Ancestors Tree


Students will:

Discuss how family history can help produce feelings of self-worth.

Use a vocabulary common to the study of family history.

Begin to write known family information onto a pedigree chart.



Ancestor: a person from whom one is descended (e.g., father, mother, grandparents, etc.—not aunts or uncles).

Genealogy: the science of studying about our ancestors (also called family history).

Generation: the average span of time between the birth of parents and that of their children (approximately twenty to twenty-five years).

Given Name: a person's first name(s).

Maiden Name: a female’s surname or family name at birth.

Maternal Line: the line of descent on the mother’s side.

Nickname: an informal version of a given name (e.g., a person with the last name of McDowell could have been called "Mac" or "Mic" by his friends or a girl with the name Elizabeth may be known as "Liz" or "Beth").

Paternal Line: the line of descent on the father’s side.

Pedigree: an ancestral line or line of descent.

Surname: a person’s last name or family name.





Episode Overview

This first episode presents helpful insights for starting your family history. Part one introduces Victor Villaseņor. He grew up in Southern California as a Mexican-American, feeling outcast and ashamed. When he began to look at his past, he found great value in learning about his ancestors. In part two, expert Desmond Allen introduces the pedigree chart, and explains how to use it as an important tool for recording information about your ancestors.

Before Viewing the Episode

  • Duplicate the student handout on the next page, and the pedigree chart found later in this teacher's guide.
  • Explain what the Ancestors Series is about (see INTRODUCTION). Read aloud the EPISODE OVERVIEW and OBJECTIVES.
  • Briefly review the VOCABULARY words with your students.
  • Distribute only the student handout page. Wait to distribute the pedigree chart until you begin ACTIVITY 3.
  • Review the questions in ACTIVITY 1.

After Viewing the Episode

Activity 1
Discuss family history and self-worth

  1. Encourage students to discuss the episode and share their observations about Victor Villaseņor. Discuss how Victor developed feelings of self-worth by learning about his ancestors. Use the following questions to stimulate discussion. They are the same questions as on the student handout.
  2. About how old was Victor when the redheaded boy named Howard told him he was bad? (Victor had not yet started kindergarten.)
  3. What did Howard expect Victor to be carrying with him? (A knife.) Note the dialog below.
    (Victor: "I don’t got a knife."
    Howard: "Mexicans’ always got knives . . . I can’t play with you, Mexicans’ are bad people."
    Victor: "Oh, I didn’t know, I’m sorry.") Note the innocence and sensitivity of Victor’s response to Howard. Point out the emotional harm that can come when we stereotype and judge a person without knowing him.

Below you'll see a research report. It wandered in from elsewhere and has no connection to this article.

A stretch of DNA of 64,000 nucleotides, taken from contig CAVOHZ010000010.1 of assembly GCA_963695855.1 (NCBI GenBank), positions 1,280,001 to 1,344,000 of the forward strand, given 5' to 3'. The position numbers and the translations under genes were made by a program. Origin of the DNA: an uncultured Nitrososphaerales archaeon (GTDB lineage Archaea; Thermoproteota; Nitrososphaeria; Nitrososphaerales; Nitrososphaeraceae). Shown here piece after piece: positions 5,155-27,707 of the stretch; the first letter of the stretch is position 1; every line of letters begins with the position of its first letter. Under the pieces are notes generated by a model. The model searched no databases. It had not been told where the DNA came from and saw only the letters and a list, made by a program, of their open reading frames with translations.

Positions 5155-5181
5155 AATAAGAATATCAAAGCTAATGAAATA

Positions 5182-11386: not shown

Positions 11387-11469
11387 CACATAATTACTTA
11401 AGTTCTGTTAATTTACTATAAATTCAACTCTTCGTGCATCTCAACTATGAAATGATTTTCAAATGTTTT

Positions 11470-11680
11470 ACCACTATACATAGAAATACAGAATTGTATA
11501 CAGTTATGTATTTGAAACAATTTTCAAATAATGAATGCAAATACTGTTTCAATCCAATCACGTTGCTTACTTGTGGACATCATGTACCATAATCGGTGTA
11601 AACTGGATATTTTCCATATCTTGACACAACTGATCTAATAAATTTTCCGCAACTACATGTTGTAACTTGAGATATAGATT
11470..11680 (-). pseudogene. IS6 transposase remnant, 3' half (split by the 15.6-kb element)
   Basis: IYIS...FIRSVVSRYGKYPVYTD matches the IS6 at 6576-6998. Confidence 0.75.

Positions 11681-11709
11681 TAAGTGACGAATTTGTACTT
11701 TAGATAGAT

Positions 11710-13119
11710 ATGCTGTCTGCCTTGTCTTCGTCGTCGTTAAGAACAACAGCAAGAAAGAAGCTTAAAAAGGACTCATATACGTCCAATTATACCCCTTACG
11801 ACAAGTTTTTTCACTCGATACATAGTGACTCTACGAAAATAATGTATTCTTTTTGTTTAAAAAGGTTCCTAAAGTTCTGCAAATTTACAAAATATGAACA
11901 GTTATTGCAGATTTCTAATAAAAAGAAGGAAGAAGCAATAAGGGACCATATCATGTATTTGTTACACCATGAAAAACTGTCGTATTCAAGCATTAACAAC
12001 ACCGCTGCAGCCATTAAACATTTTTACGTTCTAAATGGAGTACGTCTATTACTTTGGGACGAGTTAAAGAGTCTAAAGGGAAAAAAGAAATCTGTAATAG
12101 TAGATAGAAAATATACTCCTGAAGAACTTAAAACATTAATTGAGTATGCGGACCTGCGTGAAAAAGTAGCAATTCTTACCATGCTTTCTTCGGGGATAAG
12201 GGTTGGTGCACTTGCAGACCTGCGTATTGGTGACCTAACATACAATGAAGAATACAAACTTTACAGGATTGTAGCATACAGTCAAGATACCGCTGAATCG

4. What words did Victor use to describe himself after his experience with Howard? (He felt his people were bad, stupid, and dangerous.) Note how Victor explained it. ("I’m not even in first grade and I already know that my people are bad, stupid, other people are frightened of them, they carry knives and they’re dangerous.")
  5. Who did Victor begin to resent? (His parents.) Why? (Because he thought that they had lied to him.) Remember that Victor’s father told him that everyone was Mexican, and if they were not, then they should be.
  6. After Victor went to Mexico (at age nineteen) and learned more about his culture, what did he realize about himself? What did he say? ("I come from somebody, from somewhere. I am somebody!")
  7. Who became Victor’s greatest heroes? (His parents.)
  8. In Victor’s story about his father running to catch the train to rejoin his family, what was pulling and pushing his father? (Love for his mother and family pulled him and fear of being left alone in the desert pushed him.) Note how Victor stated it.
  9. When Victor started talking and getting to know people deep inside, what did he begin to realize about an ordinary story? (An ordinary story can became . . . great (and) wonderful.)
  10. What did Victor say about those of us who think we are "nobodies?" ("We that think we are nobodies have very special stories.")

Activity 2
Complete the Vocabulary Crossword Puzzle

  • Review the vocabulary words with your students and give examples, as needed, from the definitions in the left-hand column on this page.
  • Have students complete the activity.
  • The answers are:
    Down - 1. Nickname 2. Paternal 3. Maiden 4. Genealogy 5. Ancestor.
    Across - 4. Given 6. Maternal 7. Surname 8. Pedigree 9. Generation.

Activity 3
Begin Filling In a Pedigree Chart

  • Distribute copies of the blank five generation pedigree chart.
  • Have your students:
    - Use a pencil.
    - Write down as much information as they can remember.
    - Follow the key concepts.

On to the Activity Page | Back to Introduction